And right now they are offering a special - Two free months to try the system out. Just use the coupon code SPRING15
SOURCING TRIP TO CHINA - I mentioned this in a previous newsletter. Well we are not yet ready to roll it out -we are still gathering pricing information on hotels, food and bus transportation. But we have made one decision.
Rather than go to just Hong Kong and the fairs there, we are moving the event to Guangzhou (formerly known as Canton) for the Canton Trade Fair. The Canton fair is larger and frankly more important. And Guangzhou is only a 2-hour train ride from Hong Kong.
Arrangements are still up in the air, but coming together soon. What I can tell you now are the following things:
As soon as we finalize the costs we can decide on pricing for the trip and open registration. So just watch future issues of this newsletter for details. We hope to have registration open and set up by the middle of May.
So far we have about 15 people who have emailed us that they are interested. If you want to get on this no-obligation list, please use the contact us form to send us an email. The people on this list will get early information and first chance to sign up before all the spots are gone.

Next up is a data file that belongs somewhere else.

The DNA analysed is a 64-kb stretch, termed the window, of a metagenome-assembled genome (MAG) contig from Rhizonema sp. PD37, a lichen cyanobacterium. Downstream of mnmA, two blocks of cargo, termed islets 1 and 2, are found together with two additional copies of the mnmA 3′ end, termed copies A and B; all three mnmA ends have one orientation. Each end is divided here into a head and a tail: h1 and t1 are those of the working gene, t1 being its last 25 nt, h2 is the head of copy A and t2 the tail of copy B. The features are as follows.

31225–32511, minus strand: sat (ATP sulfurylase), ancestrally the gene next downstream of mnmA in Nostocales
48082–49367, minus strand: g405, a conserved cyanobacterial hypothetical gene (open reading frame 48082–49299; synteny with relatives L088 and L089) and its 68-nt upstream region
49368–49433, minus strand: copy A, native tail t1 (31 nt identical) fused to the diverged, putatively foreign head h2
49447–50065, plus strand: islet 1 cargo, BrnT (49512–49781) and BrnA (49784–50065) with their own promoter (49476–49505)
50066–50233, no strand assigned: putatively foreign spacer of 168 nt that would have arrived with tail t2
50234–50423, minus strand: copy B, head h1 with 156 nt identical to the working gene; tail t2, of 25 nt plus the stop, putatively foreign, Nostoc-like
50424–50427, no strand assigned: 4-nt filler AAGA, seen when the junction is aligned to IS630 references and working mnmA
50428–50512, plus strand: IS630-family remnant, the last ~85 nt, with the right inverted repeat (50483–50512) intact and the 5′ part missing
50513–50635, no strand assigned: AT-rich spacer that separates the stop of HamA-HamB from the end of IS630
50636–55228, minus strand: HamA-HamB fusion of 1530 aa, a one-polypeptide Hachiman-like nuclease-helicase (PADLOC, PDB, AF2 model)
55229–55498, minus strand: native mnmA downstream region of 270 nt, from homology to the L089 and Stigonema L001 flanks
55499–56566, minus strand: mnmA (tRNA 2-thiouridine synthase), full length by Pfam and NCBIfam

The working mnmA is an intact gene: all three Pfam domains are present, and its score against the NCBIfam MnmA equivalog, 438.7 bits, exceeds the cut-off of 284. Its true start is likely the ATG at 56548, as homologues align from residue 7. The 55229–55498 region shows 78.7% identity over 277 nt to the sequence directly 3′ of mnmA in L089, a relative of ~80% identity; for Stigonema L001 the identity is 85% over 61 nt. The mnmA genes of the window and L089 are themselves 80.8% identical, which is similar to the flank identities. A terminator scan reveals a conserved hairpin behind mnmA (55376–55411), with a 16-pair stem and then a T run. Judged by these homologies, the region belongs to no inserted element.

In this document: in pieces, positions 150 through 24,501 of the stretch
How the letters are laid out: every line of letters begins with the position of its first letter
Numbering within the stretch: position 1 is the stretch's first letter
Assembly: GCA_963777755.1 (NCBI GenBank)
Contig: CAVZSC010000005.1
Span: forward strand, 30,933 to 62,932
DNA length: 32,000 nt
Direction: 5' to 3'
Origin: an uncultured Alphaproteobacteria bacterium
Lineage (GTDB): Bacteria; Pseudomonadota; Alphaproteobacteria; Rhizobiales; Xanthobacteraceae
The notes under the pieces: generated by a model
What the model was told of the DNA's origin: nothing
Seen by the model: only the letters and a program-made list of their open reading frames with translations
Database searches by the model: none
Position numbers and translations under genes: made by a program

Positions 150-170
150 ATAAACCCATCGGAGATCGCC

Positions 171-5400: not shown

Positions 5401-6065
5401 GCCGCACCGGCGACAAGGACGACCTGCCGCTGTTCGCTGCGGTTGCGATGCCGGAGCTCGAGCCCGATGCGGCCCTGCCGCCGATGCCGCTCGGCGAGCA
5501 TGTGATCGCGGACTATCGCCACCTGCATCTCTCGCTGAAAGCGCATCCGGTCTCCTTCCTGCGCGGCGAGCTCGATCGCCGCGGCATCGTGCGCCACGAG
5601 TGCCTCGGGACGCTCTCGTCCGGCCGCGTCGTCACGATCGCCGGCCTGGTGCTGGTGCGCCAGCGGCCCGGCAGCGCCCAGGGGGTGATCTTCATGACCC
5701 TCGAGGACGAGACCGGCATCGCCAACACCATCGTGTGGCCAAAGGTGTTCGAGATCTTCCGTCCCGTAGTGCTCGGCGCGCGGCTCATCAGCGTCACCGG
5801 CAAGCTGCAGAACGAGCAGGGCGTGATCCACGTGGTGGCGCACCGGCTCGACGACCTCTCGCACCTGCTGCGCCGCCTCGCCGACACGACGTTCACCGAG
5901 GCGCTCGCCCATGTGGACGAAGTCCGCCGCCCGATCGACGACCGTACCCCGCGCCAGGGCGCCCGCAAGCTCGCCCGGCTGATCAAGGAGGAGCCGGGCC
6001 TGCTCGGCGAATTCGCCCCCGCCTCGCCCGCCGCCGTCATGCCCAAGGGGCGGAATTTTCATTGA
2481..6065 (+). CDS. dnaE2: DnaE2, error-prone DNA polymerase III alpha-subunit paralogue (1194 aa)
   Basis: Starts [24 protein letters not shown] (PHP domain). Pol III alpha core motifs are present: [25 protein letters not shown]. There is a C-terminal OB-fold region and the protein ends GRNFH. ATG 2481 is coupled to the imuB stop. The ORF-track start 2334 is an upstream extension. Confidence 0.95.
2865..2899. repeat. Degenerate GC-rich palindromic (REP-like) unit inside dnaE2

Need Help Around the Home? Introducing Amazon Home Services. That's right - Amazon is getting into the home services business. Here is what the press release said:
Price Fixing on Amazon - Yes it does go on, but it's highly illegal. Just last week the U.S. Justice department filed their first case against an online seller - An Amazon poster seller who was contacting his competitors to set prices. I know it's frustrating when someone is constantly under pricing you, but you must resist the temptation to contact them. Any such communication between sellers is a violation of both Federal law and Amazon policy.
Lets get started with this month’s articles:
In terms of sales volume and velocity, cell phone (and to a lesser extent tablet) accessories are one of the hottest product categories on Amazon. But like anything good in life, the devil is in the details.
First let me relate my experience. When you read this you might think, "OK that's not for me." But you could be wrong as everyone approaches things in a different way.